February 21, 2006
by Andrew Kinney, Senior Staff Writer (Collegiate Times)
The men's basketball team lost yet another conference game Saturday afternoon, falling short by six to No. 21 North Carolina State University, yet the way in which it was beaten by the Wolfpack certainly shouldn't have surprised anyone.
Coming into the matchup as the second best three-point shooting team in the Atlantic Coast Conference, N.C. State was able to use its arsenal of accurate long-range shooters to beat the Hokies from behind the arc. In fact, of the Wolfpack's 23 scored baskets, 12 of them were three-pointers, which in the end accounted for more than half of the team's 70 total points.
On the day, N.C. State made 46 percent of its attempts from long-distance, including a 56 percent three-point shooting effort during the first half. To further emphasize how successful the Wolfpack was from deep, the Hokies shot a dismal 8 percent from three-point range on a lackluster 1-for-12 effort. However, N.C. State's success from beyond the arc was not something out of the ordinary for the Wolfpack. On the season, they've made at least 10 three-point baskets in 16 of its 26 games, while Tech has managed to attain this feat only once.
Reflecting on the loss, Virginia Tech head coach Seth Greenberg said it best when addressing the obvious manner in which the Hokies failed in handling N.C. State's long-range threat.
"The number one thing we wanted to do was take away their three-point shots," said Greenberg. "That was a priority for us the past three days [in practice]. Obviously, we didn't do a very good job of it."
Throughout much of the night, the N.C. State long-range attack was led by shooting guard Tony Bethel. The 6-foot-1-inch senior, who came into the game as the team's most accurate three-point shooter, nailed a total of five three-pointers in the first half alone, and ended the night having made a career-high six three-point baskets, shooting a stellar 67 percent from behind the arc.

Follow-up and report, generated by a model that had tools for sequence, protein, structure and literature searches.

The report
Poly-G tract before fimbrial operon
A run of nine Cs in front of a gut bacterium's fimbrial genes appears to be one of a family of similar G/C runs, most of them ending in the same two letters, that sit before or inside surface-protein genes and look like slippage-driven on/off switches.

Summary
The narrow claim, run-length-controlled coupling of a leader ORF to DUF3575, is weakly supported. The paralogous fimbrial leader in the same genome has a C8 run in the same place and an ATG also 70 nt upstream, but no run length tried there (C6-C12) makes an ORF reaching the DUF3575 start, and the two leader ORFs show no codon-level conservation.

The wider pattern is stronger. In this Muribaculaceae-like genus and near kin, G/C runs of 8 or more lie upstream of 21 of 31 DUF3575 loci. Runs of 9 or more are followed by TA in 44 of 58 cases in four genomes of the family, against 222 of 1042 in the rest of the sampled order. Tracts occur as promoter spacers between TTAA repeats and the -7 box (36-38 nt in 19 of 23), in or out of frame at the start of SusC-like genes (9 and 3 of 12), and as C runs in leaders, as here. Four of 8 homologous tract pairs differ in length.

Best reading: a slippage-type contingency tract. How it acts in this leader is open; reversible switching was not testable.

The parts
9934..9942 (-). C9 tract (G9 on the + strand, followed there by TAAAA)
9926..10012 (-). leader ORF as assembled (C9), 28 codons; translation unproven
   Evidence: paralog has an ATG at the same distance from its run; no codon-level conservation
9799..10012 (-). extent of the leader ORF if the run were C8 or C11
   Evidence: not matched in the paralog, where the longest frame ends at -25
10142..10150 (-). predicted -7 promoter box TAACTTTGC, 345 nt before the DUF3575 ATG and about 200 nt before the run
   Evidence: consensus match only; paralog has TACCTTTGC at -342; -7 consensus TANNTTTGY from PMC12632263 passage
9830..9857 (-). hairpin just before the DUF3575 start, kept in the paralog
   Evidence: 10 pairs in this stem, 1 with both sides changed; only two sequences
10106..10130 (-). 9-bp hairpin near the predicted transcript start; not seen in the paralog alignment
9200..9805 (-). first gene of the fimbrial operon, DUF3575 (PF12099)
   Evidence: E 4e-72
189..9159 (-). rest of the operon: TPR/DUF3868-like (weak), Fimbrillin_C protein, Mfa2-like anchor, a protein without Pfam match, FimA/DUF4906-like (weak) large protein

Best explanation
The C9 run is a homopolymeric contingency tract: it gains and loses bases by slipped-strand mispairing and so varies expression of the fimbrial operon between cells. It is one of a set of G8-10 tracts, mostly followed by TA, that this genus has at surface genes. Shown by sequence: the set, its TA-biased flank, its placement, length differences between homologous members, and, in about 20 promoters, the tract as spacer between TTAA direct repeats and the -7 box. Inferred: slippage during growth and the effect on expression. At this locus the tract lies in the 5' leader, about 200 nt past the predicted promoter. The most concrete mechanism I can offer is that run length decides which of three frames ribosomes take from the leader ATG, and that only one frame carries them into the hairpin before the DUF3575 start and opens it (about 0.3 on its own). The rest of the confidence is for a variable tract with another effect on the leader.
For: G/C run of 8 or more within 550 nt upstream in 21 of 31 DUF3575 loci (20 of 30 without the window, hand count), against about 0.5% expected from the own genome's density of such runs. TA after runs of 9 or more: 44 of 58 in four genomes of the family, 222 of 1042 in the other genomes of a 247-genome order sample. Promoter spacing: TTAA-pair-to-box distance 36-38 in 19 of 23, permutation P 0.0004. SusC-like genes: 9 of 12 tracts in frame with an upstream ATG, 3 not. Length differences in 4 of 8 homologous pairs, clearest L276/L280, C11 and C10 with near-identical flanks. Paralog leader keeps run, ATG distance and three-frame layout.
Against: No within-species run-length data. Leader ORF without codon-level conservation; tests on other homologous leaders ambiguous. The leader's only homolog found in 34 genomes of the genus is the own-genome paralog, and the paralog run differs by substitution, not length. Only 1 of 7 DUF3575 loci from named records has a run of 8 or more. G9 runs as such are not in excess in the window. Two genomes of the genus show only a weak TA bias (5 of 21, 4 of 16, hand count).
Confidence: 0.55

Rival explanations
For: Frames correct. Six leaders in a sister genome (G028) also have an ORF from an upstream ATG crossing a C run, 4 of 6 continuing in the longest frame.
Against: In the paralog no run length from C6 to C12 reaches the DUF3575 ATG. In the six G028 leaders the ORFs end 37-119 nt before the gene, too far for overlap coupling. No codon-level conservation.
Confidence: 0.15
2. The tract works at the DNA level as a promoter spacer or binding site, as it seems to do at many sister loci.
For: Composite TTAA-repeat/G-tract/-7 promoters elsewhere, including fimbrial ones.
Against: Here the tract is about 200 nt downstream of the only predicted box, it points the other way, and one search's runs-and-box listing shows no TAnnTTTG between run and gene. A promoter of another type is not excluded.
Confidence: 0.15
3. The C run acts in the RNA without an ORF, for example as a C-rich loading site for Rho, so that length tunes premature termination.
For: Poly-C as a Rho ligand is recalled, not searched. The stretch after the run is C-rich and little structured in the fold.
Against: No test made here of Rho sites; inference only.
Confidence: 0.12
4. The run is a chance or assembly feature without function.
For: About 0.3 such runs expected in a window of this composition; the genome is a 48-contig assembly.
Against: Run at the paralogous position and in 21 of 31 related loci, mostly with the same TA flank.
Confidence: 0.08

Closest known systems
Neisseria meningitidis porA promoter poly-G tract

"My teammates were able to find me, passing the ball to me when I was open," said Bethel. "I was able to keep my shots on target and I got hot for a while. I felt like I could have hit 30 (threes)."
Also contributing to the Wolfpack's success from three-point range was N.C. State guard Engin Atsur. The 6-foot-4-inch junior out of Istanbul, Turkey poured in his fair share of baskets from downtown, making four of his six attempts, finishing the game with a total of 14 points.
Rounding out N.C. State's efforts from behind the arc was the shooting of senior small forward Cameron Bennerman, who led all scorers with 26 points. Despite shooting only 2-for-9 from long-range, his two three-pointers were the difference in the final score, and his overall presence around the three-point-arc demanded respect from the Hokies, opening things up inside for the Wolfpack.
"Today we shot real good," said Bennerman. "I think though, that we've shot better. We missed some open shots there in the second half, but overall we really took it to 'em."
When asked about the trio's overall shooting effort, Bethel reiterated the fact of how he and his teammates have stepped up and have enjoyed success all year.
"We've been shooting the ball pretty well from deep," said Bethel. "You know, that's a big part of our offense. We practice that, and with Cedric (Simmons) being down low, and Cam (Bennerman) posting, a lot of teams' defenses have to collapse to the post and it creates open shots for the guys outside . . . It makes it hard for our opponents, night in, night out. Tonight we got a lot of good looks, and were able to just knock 'em down."